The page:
Choroidal melanoma with liver mets


Hi all,

I'm new to the group and I'm looking for some support (not sure what type yet!). This is my story.....

I was diagnosed with a choroidal melanoma in January 2010 and had my right eye removed 3 weeks later (the tumour was too big and it was too late for other forms of treatment). I recovered reasonably well, went back to work etc. but in June last year I was told I had 2 lesions in my liver that weren't there on previous MRI scans. After a second opinion and numerous other tests and appointments I was told the lesions were very likely to be metastasis and had a liver resection on the 30th of December.

I'm 36 years old and the outlook for metastatic choroidal melanoma is not great, I was wondering whether anyone else in the group is going through something similar and can share their experience.

I thought about counselling when I was first diagnosed with cancer but never really did anything about it, I'm now thinking it might help me but not sure how to go about it. Has anyone tried it?

Also, I was wondering if people who have gone through a liver resection have been able to go back to "normal" (or as close to normal as possible).

Anyway, thanks for reading my story and looking forward to reading your experiences!


  • Hi Sorry to hear that your cancer had spread to your liver. My husband had his eye removed in 2011 in Liverpool due to a large tumour, one of the largest professor damato had said he had seen also. Fortunately my husband has remained well so far, but I just wondered if you were offered the genetic testing of your tumour when they initially operated to see the likelihood of it returning? Emma
  • FormerMember
    FormerMember in reply to FormerMember

    Dragon fly,

    It seems you are doing a lot of research.  Eye cancer pateints have already done this research.  Have you been in contact with OcuMeluk or the eye cancer forum- you will find people who at some stage in the last couple of years have researched all of what to do next before.

    Who is your oncologist.

    You talk as the only option for you is trials and that ipilimumab is dangerous. Yes it is, however it is a licensed drug and some people started taking it as a research drug about 11 years ago. So some of its longer term effects are known. ( If I was to get ten years i would not complain- most dont only about 5%) . As an incurable cancer we are great for phase 1 trials. The problem is these are not aimed at treating people but working out the physiology pharmo kinetics of the drug and working out the human dose and side effects.  There are phase 1 trials that have harmed and have stopped early. The dose you may recieve may be a mouses dose! It is all unknown and not aimed at treating very few patients benefit from phase 1 trials but all of us pateints are eternally greatful to them.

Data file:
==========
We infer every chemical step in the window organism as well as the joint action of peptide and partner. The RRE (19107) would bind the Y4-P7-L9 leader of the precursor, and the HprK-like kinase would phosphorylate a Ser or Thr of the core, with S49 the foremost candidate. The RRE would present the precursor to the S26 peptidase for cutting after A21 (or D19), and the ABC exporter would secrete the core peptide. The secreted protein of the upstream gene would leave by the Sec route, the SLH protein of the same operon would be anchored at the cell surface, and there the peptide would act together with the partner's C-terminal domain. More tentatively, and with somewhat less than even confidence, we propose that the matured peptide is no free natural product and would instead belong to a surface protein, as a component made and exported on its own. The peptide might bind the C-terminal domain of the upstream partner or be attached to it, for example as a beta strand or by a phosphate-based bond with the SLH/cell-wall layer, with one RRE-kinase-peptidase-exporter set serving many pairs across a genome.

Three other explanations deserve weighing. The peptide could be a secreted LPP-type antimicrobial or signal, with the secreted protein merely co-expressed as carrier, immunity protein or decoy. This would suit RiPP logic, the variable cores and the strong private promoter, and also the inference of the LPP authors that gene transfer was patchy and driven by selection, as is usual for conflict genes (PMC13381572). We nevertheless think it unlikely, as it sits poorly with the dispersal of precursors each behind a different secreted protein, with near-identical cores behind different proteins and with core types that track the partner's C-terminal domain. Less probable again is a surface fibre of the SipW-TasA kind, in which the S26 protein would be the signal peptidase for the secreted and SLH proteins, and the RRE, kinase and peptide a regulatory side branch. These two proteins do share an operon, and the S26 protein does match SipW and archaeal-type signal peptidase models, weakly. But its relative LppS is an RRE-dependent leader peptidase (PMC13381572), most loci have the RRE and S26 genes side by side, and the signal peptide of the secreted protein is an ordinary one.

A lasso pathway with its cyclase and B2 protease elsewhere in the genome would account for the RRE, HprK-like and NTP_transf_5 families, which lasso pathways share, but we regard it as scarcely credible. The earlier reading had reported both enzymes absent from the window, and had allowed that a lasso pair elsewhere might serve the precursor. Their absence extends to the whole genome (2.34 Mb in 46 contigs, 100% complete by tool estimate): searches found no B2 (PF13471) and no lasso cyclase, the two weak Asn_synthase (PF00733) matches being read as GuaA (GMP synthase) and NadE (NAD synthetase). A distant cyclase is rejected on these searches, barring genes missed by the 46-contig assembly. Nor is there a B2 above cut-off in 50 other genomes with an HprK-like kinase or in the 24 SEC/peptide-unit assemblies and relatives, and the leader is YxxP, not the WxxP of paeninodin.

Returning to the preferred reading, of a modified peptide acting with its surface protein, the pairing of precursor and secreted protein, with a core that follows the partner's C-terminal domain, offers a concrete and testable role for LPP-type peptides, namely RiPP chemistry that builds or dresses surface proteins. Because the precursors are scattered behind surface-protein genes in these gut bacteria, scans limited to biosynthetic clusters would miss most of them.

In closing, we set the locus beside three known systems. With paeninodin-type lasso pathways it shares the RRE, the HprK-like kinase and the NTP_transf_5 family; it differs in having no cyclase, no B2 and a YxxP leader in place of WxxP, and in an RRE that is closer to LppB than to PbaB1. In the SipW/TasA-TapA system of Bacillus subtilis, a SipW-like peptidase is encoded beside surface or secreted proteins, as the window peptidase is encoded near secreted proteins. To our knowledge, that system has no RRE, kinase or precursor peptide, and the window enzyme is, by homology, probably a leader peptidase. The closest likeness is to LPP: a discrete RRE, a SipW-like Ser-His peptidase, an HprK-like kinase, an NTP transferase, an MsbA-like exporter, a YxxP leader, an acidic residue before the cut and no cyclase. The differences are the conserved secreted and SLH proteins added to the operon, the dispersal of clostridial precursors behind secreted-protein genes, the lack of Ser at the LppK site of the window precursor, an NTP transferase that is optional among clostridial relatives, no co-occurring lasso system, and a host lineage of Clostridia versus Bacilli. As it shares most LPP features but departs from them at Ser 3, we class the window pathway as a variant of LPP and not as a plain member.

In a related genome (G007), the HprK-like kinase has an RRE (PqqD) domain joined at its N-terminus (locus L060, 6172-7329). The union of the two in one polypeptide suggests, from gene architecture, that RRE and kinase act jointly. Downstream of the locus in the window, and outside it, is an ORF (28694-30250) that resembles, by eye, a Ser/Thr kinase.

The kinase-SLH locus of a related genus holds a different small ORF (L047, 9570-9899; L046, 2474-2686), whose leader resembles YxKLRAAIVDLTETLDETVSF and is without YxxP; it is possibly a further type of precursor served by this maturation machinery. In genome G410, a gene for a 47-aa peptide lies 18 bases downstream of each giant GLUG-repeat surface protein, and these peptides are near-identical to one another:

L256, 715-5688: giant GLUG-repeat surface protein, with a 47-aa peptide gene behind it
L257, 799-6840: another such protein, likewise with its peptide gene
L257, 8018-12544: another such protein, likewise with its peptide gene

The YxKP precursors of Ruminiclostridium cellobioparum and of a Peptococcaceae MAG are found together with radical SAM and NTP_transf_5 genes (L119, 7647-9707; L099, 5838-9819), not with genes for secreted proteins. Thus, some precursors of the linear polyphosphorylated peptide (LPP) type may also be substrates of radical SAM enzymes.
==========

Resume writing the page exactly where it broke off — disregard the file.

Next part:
Once a drug looks promising from a phase 1 it goes to phase 2 where it is to be tested for clinical benefit.  As we are a rare cancer with a dreadful history of being resistant to theuropeutic agents we are excluded from nearly all phase 2 trials. Ususally in the uk every 5 years or so a new phase 2 opens the last one was Sutent v dacarbazine however by the time it was running  it was clear from the use of Sutent in stage IV pateints in USA with OM that it would not be effective. I believe the trail showed no benefit over dacarbazine.

    So what I am saying in basic language is it is all rubbish really but the best and the safest rubbish is probably ipilimumab as it is known licensed tested drug. I find it hard to justify putting pateints in a phase 1 or phase 2 trial until they have had ipilimumab about 20-30% get a response 8%that is llong lastting. Some people dispute it works in Om but I think that is because by the time an OM pateint makes it to a dr who is prepared to try they have heavy disease burdens.